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One million pine wildlings removed from Skyline Tier and still counting..

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If you think you are having a hard day at the office, spare a thought for our restoration crew at Skyline Tier, who have just finished removing pine wildings from more than 250 hectares of former pine plantation, to restore the area back to native forest. The project employed a regular team of six, as well as an additional twelve short term employees and many volunteers.

Dan Donaldson, Crew Leader, estimates that the project has removed more than a million pine wildlings. The crew also removed Spanish heath, gorse, blackberries, blue butterfly-bush, pampas grass and other weeds, as well as truck-loads of dumped rubbish and green waste.

In a dense area, 100 pines could be removed in ten minutes, mainly by pulling out by hand, with larger wildlings lopped and painted with roundup. So at sites where smaller pine trees were abundant and the crew were using mainly using loppers, the crew would remove around 2000 wildlings each per day.

Pines were treated at a much slower rate at other sites. For example, in the thickest undergrowth or when the crew were falling trees with chainsaws it would be more like a few hundred each, but usually well over a thousand each per day with loppers and bowsaws. The smallest wildings could be hand-pulled and the team were able to remove a thousand of them in an hour in some places.

‘It was hard manual work, but the hardest thing was to disband the team when there is still so much to do up there,’ said Dan.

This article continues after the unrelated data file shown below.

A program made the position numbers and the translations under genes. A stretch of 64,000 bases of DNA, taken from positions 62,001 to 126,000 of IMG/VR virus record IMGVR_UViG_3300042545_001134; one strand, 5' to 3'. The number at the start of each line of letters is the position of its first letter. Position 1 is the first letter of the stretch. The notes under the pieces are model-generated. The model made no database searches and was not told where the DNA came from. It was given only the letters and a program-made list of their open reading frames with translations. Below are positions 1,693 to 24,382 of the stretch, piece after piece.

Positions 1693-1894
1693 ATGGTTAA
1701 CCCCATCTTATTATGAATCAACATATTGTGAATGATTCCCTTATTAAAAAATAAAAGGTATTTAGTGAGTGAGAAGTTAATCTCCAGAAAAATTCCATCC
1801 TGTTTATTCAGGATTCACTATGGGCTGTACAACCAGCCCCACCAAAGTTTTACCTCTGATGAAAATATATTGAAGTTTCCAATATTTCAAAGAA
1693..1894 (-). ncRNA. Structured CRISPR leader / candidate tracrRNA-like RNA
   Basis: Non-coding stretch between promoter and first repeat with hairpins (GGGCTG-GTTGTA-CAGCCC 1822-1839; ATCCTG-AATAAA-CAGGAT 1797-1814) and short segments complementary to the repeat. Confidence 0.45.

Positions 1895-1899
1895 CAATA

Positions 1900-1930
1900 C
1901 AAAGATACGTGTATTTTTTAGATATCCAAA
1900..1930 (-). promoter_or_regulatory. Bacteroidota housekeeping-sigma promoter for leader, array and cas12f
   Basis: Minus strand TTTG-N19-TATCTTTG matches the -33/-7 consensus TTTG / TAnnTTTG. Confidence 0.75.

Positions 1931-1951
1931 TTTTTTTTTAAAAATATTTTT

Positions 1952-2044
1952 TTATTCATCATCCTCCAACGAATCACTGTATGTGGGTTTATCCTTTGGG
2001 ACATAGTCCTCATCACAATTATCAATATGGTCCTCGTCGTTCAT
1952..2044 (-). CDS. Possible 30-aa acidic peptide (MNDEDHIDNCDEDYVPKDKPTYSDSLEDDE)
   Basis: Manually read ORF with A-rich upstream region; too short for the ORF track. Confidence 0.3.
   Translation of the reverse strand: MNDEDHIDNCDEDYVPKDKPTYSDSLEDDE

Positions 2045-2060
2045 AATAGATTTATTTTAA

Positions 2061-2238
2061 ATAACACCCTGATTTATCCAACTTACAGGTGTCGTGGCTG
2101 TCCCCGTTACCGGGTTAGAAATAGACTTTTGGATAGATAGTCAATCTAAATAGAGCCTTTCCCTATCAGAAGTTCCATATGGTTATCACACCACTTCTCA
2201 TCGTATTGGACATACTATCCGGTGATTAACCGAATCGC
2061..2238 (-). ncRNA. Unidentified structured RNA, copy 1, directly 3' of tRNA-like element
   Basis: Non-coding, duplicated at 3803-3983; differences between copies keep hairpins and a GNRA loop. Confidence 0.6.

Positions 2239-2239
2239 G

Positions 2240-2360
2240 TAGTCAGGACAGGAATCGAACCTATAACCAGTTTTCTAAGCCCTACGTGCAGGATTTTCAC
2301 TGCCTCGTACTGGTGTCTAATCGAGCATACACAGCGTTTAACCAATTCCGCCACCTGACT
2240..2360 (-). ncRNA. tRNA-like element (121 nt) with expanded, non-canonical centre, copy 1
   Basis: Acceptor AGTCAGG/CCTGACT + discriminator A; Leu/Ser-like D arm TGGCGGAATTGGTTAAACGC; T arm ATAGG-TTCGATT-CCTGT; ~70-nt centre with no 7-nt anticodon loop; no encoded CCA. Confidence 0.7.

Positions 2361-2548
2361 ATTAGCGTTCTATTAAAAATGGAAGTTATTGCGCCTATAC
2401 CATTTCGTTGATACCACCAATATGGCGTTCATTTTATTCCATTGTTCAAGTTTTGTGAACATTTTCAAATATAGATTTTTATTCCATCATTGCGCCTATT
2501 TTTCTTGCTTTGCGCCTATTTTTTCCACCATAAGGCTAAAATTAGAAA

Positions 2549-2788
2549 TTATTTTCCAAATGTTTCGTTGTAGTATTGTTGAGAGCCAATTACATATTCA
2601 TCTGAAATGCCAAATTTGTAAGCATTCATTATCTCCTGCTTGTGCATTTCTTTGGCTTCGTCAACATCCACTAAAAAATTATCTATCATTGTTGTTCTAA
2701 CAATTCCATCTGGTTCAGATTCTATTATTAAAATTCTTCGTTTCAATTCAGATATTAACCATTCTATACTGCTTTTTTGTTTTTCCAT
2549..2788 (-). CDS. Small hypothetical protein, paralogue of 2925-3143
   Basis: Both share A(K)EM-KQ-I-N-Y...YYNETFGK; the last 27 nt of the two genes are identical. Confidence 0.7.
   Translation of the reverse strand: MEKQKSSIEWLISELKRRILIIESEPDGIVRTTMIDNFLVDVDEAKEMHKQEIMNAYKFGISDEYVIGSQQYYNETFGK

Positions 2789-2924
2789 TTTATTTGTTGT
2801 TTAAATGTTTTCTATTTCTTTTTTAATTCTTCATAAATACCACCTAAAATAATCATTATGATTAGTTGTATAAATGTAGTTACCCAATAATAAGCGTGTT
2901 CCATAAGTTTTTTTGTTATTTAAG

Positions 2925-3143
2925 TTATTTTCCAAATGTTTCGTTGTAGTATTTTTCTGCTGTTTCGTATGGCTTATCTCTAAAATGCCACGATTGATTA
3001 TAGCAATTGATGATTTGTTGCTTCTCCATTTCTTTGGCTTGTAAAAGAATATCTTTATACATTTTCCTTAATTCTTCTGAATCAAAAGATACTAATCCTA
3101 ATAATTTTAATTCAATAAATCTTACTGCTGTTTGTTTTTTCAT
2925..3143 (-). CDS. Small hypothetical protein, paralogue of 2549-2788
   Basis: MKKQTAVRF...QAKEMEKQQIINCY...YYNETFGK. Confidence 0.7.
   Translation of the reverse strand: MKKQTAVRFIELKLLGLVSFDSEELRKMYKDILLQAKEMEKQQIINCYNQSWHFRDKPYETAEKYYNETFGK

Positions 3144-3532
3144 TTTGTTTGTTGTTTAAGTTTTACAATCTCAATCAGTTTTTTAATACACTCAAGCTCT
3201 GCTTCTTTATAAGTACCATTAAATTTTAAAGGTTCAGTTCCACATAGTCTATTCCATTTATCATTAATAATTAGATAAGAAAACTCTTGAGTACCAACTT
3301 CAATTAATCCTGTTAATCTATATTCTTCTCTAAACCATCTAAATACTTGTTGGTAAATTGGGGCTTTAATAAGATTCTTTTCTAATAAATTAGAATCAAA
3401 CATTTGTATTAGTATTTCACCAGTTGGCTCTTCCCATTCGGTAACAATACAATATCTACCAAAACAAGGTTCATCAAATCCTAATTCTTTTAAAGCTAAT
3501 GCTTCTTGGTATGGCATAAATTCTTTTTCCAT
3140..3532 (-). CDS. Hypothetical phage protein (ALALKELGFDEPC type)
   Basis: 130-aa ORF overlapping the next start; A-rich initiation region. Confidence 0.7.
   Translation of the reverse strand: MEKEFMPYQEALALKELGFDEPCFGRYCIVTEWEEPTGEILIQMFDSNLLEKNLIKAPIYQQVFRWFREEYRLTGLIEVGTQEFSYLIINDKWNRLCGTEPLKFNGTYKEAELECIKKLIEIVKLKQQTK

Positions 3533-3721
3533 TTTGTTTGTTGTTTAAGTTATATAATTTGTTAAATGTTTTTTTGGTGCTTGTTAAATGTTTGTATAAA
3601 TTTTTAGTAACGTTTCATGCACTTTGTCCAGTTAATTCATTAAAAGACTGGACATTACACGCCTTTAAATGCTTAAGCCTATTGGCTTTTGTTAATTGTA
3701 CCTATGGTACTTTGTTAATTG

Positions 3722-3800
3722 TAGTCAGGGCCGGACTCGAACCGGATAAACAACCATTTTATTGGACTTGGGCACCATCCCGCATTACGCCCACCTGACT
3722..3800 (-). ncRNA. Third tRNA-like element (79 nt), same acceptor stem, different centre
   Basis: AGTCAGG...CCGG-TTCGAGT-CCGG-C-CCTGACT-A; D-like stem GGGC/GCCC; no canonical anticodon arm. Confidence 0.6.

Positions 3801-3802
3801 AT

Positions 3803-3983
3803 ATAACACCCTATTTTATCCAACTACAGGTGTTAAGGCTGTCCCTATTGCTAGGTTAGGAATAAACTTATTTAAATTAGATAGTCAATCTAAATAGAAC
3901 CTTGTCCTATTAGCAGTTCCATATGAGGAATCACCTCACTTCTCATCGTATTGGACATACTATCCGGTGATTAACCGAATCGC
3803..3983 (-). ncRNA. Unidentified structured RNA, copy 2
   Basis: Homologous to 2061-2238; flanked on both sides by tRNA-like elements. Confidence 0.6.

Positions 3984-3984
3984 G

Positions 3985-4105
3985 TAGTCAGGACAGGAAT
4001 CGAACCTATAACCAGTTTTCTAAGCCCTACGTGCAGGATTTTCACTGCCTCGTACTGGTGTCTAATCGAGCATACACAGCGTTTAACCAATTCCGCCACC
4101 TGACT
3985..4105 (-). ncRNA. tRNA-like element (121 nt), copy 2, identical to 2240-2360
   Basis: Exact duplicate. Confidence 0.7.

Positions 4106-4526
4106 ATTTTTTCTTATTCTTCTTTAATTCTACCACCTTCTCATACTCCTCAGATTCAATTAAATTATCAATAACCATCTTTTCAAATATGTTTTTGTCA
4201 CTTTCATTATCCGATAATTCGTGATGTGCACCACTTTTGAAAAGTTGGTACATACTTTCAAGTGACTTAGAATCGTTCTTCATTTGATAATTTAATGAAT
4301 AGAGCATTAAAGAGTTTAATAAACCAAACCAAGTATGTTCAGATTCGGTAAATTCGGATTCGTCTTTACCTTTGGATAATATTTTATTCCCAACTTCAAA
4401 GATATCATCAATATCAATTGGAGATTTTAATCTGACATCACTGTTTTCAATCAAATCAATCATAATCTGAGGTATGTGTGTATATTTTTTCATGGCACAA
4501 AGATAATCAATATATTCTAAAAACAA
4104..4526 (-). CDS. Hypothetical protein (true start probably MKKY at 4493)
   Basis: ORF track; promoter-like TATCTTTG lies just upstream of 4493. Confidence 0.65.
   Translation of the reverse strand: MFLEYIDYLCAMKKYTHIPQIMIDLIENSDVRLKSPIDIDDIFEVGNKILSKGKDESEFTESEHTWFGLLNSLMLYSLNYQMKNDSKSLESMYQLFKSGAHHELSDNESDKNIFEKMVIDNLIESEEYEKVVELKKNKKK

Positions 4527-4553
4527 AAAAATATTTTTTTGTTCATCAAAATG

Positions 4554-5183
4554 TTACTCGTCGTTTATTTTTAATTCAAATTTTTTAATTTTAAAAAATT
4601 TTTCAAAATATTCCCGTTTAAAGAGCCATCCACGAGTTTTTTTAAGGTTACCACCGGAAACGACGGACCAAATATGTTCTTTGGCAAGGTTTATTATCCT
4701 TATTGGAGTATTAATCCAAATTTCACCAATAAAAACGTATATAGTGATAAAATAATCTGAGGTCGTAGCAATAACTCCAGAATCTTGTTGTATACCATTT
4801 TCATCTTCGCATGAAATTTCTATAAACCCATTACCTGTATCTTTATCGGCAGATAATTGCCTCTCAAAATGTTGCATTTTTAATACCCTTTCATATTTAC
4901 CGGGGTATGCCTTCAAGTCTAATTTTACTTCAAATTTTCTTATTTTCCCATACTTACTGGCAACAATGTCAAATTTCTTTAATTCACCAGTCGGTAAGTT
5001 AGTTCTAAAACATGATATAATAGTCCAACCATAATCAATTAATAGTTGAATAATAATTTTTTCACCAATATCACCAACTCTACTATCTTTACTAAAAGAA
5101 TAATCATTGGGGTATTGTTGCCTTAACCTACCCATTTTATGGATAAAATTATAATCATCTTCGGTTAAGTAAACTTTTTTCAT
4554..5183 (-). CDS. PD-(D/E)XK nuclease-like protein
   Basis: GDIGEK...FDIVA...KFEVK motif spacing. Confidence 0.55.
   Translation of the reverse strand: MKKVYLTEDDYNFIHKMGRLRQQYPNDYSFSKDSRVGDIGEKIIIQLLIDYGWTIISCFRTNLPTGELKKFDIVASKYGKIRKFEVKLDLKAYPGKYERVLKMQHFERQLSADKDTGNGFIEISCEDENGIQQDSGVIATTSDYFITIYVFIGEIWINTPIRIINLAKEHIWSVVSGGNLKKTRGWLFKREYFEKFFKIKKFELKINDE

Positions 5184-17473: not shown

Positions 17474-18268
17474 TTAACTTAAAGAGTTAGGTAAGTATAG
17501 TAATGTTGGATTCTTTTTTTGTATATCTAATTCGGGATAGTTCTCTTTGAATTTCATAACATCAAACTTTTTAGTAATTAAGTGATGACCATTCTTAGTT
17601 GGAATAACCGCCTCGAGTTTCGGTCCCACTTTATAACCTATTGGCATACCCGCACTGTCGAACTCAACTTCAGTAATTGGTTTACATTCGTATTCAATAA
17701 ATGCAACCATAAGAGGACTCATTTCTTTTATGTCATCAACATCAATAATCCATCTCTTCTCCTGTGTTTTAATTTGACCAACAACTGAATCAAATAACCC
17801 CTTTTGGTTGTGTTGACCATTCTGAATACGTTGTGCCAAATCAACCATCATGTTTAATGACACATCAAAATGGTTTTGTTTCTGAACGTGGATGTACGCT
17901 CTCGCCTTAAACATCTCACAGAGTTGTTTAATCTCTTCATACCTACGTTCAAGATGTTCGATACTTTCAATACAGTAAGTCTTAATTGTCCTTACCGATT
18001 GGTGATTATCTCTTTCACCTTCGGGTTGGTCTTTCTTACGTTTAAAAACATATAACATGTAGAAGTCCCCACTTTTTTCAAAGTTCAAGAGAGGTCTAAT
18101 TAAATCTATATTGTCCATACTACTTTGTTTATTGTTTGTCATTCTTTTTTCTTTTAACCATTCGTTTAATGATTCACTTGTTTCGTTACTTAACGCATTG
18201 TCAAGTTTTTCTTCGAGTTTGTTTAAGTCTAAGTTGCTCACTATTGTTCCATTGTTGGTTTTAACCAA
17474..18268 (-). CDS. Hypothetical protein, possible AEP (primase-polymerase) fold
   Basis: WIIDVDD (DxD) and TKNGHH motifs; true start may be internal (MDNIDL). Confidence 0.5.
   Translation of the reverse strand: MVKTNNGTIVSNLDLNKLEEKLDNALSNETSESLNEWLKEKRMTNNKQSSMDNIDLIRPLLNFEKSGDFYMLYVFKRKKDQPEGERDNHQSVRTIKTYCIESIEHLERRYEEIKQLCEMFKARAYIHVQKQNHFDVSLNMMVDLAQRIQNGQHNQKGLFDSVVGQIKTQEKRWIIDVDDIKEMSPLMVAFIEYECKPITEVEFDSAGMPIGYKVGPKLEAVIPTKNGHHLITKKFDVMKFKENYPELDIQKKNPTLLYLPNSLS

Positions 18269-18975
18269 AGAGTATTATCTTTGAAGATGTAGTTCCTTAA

A work place overlooking our East Coast beaches may sound pretty idyllic, but one of the biggest occupational hazards was extreme heat. ‘It gets fairly hot in summer and we made sure to started work at 7am to avoid the heat,’ said Dan, ‘but it really is a beautiful place to work.  There are five wedge-tail eagles living in the area and we would often see two or more of them close by. One of the team encountered a very rare Giant Velvet Worm in her first week.’

‘The best thing about the job overall was that it shows how successful ecological restoration can be on a landscape scale.’

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Our next working bee will be at Higgs Track on 19 Sept 2015

Want to learn how to build and repair walking tracks?  Come and learn from our highly skilled trackies about techniques such as stone work and gravelling, and join the group that will be taking on the maintenance of this track. Higgs Track is located in the Western Tiers and is one of the many tracks that we are repairing as part of our Community Forest Walks grant from the Aus Government.  To RSVP or for more information contact our office  on 62815100 or email Annette.dean@et.org.au.

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Senate Inquiry hears of poor fish farm regulation

Environment Tasmania, the Tasmanian Conservation Trust and community group Tasmanian Aquaculture Reform Alliance have today urged the Senate Committee conducting the Inquiry into the regulation of the fish farm industry in Tasmania to take immediate action to prevent further environmental and social harm from poorly regulated fish farming operations in Tasmania.

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Help us restore a logged coupe in the World Heritage Area

Myrtle_seedling_location_Counsel_10B.jpgWant to help restore a logged coupe back to tall eucalypt forest? Come and join our field day on Sunday 24 May.

When: Meet in Hobart 9am for car-pooling, return 5pm
Where: Lower Florentine Valley near Wayatinah
What: Transplant local myrtle and leatherwood seedlings to the coupe

Bring gardening gloves, lunch, and clothes for extreme wet and cold weather (the site is over 600 m elevation). We'll provide morning tea and hot and cold drinks, as well as all tools and equipment.

Numbers are limited! Please RSVP by Wednesday 20 May to Christine.Corbett@et.org.au or ph 0447 299 334. Let us know whether you can provide a 4WD for car pooling.